At the School of Music, cocktails and classical pieces now go together.
Next Friday, classically trained musicians will combine cocktail parties with orchestra concerts to present classical music in a fresh, innovative way.
“Hitchcocktails and Music,” which will take place at Salon Lulu on Chapel Street, is the third in a series of concerts in which an ensemble from the School of Music plays orchestral works in non-traditional spaces. Described by the planners as “a modern masquerade,” the event will incorporate cocktails and masks, and projections of scenes from Alfred Hitchcock’s film “The Birds” will accompany performances of five reworks classical orchestral pieces.
Samuel Suggs, co-director of the event, said that he and Jans Peterson, the other co-director, felt musicians need to make classical music more accessible. One way to do that, he said, was to experiment with new formats.
“The orchestra is really a machine which is a compromise between the conductor’s will and the composer’s intent,” Suggs said. “We want to break free of the dogma that is within orchestral repetition and allow the individual room for creativity.”
Suggs said he and Peterson created the concert series in response to financial struggles of major orchestras such as the Chicago Symphony Orchestra and the Atlanta Symphony Orchestra. Suggs added that the duo came up with the idea of integrating a cocktail party into an orchestra performance because the energy of such a setting would engage the attention of the audience, which is normally uninvolved at a traditional concert.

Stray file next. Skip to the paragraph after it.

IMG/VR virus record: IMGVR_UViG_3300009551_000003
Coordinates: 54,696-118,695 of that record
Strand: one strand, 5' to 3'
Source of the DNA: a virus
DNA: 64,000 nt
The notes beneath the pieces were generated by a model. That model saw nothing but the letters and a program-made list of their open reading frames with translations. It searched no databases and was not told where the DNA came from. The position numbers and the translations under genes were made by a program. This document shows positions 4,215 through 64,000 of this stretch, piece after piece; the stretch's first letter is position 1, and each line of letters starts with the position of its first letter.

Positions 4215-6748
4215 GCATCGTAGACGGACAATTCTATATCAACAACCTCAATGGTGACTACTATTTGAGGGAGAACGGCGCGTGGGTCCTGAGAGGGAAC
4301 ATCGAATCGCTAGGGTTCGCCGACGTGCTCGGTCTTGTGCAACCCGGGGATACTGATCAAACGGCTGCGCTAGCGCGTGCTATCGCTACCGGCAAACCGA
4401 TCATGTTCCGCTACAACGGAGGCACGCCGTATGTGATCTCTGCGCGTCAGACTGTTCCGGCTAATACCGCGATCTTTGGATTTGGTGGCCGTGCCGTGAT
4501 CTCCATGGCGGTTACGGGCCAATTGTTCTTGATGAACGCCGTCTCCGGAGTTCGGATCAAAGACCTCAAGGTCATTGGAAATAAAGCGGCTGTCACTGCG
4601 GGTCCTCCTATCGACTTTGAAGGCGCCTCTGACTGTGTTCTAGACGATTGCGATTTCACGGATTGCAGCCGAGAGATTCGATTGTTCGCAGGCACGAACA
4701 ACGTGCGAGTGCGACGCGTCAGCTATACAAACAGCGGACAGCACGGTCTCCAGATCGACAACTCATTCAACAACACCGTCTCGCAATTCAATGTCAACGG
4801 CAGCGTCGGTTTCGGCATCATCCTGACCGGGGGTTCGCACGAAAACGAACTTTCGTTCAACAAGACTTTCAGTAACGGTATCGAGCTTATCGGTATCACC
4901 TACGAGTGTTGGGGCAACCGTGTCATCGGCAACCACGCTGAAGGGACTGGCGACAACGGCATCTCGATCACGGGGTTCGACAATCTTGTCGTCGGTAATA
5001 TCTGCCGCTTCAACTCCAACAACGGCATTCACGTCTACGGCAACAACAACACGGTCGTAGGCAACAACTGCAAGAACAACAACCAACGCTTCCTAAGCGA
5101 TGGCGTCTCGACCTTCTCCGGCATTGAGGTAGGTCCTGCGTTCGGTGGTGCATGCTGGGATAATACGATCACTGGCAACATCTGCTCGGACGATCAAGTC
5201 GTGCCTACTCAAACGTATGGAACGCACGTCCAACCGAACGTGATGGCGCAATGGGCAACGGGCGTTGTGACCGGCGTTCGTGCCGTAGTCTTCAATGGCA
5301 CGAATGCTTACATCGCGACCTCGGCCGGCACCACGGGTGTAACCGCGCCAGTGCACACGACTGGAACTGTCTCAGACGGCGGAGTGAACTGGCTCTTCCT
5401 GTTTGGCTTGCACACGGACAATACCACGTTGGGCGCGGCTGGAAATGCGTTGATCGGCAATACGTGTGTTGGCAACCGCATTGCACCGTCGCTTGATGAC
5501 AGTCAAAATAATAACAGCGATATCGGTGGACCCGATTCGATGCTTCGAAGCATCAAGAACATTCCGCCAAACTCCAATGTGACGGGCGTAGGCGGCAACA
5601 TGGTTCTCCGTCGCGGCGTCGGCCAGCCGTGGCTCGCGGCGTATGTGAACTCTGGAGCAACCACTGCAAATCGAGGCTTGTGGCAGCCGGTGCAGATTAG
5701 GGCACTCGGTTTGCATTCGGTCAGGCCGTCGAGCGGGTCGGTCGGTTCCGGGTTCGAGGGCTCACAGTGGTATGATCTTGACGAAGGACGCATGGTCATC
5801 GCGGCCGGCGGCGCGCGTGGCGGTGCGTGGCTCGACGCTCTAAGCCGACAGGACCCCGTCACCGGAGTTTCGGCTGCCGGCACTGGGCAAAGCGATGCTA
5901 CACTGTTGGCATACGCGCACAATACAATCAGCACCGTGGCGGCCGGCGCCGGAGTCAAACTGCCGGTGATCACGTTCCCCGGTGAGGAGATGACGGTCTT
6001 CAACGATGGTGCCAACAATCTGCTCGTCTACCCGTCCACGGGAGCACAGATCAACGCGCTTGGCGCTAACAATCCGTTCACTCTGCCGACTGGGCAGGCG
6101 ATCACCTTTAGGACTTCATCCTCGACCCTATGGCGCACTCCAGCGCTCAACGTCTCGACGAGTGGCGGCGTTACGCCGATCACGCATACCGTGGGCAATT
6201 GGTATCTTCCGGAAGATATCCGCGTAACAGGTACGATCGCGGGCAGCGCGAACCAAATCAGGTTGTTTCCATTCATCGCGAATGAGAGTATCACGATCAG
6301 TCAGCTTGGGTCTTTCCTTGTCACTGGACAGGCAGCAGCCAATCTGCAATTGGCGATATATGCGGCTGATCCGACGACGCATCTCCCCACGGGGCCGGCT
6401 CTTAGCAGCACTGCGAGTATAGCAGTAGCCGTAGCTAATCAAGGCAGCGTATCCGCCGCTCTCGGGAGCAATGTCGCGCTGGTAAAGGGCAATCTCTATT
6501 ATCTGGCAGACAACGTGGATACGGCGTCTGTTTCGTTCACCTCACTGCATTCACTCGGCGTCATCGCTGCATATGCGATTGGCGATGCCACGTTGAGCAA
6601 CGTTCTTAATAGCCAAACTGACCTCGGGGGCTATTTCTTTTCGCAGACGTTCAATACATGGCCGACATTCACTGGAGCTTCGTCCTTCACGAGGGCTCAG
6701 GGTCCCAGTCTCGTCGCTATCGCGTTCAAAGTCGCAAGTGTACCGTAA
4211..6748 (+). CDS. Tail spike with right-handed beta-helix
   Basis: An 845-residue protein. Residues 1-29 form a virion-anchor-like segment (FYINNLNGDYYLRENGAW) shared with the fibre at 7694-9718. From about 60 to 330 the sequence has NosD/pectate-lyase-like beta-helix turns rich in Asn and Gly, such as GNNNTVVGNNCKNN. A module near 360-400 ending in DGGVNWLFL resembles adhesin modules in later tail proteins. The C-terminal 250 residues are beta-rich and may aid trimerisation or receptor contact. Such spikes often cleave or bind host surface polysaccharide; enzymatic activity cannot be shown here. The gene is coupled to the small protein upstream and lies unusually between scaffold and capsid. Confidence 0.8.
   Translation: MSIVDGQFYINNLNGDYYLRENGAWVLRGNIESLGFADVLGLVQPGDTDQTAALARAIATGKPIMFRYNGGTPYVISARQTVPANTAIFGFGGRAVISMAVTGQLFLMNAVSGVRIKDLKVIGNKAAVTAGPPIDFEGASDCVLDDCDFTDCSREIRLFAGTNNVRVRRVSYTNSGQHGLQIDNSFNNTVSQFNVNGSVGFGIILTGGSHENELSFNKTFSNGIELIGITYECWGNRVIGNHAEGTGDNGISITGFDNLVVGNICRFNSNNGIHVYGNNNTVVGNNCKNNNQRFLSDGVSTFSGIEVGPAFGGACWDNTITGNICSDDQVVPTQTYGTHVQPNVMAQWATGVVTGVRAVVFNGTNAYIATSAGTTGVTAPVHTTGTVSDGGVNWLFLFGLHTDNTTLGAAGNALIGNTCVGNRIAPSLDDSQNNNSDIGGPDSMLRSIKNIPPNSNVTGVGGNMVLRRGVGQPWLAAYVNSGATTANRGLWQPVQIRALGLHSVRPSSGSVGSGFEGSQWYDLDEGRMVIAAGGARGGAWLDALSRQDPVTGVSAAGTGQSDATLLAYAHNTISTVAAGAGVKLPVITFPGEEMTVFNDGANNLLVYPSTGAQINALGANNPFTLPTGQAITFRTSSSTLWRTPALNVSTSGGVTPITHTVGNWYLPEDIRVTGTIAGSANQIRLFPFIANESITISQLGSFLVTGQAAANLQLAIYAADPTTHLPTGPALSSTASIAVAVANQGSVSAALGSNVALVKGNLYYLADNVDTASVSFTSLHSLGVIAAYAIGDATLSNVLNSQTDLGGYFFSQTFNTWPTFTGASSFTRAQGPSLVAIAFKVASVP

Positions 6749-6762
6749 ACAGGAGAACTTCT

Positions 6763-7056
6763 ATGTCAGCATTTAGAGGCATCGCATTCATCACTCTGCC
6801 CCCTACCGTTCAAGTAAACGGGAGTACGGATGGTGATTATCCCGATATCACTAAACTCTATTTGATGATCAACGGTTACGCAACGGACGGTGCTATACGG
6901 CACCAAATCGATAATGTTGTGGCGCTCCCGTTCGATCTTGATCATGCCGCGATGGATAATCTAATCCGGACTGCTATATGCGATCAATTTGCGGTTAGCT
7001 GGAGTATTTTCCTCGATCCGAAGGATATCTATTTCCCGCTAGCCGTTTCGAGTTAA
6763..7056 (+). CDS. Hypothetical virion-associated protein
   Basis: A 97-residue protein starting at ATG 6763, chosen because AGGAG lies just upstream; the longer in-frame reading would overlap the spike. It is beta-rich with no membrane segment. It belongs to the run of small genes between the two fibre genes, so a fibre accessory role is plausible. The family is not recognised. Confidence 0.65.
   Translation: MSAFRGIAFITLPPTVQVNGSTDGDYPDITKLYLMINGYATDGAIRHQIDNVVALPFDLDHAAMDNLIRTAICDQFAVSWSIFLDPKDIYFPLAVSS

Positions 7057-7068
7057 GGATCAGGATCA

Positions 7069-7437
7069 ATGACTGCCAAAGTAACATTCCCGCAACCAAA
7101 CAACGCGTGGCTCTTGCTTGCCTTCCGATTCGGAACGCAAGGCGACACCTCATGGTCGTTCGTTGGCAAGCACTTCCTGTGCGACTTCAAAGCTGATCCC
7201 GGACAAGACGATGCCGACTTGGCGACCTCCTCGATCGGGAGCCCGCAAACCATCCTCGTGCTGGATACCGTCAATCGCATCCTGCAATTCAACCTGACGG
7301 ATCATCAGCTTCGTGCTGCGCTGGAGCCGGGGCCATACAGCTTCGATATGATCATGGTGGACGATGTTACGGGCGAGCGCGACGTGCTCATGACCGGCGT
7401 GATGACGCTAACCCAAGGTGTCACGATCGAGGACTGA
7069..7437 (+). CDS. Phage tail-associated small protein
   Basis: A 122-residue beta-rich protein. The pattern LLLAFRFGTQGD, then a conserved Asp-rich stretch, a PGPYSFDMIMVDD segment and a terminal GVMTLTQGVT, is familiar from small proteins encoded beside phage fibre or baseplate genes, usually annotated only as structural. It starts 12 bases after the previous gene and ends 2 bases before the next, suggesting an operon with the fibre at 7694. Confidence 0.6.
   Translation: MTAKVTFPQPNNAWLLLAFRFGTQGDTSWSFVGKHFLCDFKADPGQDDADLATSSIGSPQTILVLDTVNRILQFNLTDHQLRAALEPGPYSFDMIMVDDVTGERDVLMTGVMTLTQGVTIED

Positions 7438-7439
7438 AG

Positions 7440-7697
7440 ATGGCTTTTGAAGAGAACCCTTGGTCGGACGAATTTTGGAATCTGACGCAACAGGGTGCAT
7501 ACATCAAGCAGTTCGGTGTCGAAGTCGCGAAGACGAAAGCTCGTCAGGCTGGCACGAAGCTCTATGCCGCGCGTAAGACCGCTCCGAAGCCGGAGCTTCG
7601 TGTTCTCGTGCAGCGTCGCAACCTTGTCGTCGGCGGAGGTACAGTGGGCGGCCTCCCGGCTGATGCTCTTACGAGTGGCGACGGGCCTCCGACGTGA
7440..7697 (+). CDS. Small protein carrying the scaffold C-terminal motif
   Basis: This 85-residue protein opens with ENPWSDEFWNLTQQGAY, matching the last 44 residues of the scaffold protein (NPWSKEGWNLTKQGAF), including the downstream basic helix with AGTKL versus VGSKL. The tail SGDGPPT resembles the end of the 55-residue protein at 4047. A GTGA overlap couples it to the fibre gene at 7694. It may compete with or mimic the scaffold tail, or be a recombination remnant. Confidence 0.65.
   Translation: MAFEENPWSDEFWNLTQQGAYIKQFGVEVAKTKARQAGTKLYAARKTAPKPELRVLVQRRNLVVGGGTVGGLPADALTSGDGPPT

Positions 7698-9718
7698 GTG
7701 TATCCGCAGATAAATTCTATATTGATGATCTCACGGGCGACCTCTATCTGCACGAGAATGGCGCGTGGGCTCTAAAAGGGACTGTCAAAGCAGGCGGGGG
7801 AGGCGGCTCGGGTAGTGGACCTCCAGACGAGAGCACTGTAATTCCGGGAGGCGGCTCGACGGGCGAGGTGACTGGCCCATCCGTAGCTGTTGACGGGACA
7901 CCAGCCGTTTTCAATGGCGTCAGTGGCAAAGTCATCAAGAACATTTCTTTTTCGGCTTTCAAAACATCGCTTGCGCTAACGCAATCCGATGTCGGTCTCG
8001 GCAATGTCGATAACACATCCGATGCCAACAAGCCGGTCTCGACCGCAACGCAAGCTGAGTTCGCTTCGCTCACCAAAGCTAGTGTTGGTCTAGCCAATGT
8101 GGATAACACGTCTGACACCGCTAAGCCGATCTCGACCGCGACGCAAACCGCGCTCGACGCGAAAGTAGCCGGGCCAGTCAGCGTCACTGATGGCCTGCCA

Jake Fridkis, a new member of the ensemble who plays the flute, attended a concert in the series last year and said he found that the small ensemble of nine that mingles with attendees, as well as the more intimate venue, made the music more accessible to audience members.
The music ensemble for the event consists of classical and contemporary instruments, including the violin, vibraphone and drum set. At the event, attendees will first be served the drink “The Miraculous Mimosa” — a citrus juice and champagne mix — to accompany a remix of Mozart’s “The Magic Flute,” which will incorporate the dubstep genre. Other performances include a rework of Messaien’s “Quartet for the End of Time,” which was re-written so that a vocal part and a vibraphone part were added to replace the cello and piano parts, as well as a disco-inspired remix of Messaien’s “Oiseaux Exotiques.”
The final score, a remix of Igor Stravinsky’s opera “The Firebird,” is served with the drink, “Igor’s Potion” — a mix of Fireball cinnamon whiskey and apple cider.
Suliman Tekalli, the violinist in the ensemble, said he wants viewers to walk away with the sense that music is not confined by genre.
“I would want them to walk away with the impression that with classical music and really any type of music, that there can be a common thread that can be tied together,” Tekalli said.
According to Suggs, attendees at the last two concerts focused more on the socializing aspect and less on the music as the night progressed. At “Hitchcocktails and Music,” he said he plans to take longer pauses between pieces and actively call the listeners’ attention to the music, rather than letting the ensemble become background music performers.
Hitchcock’s “The Birds” was released in 1963.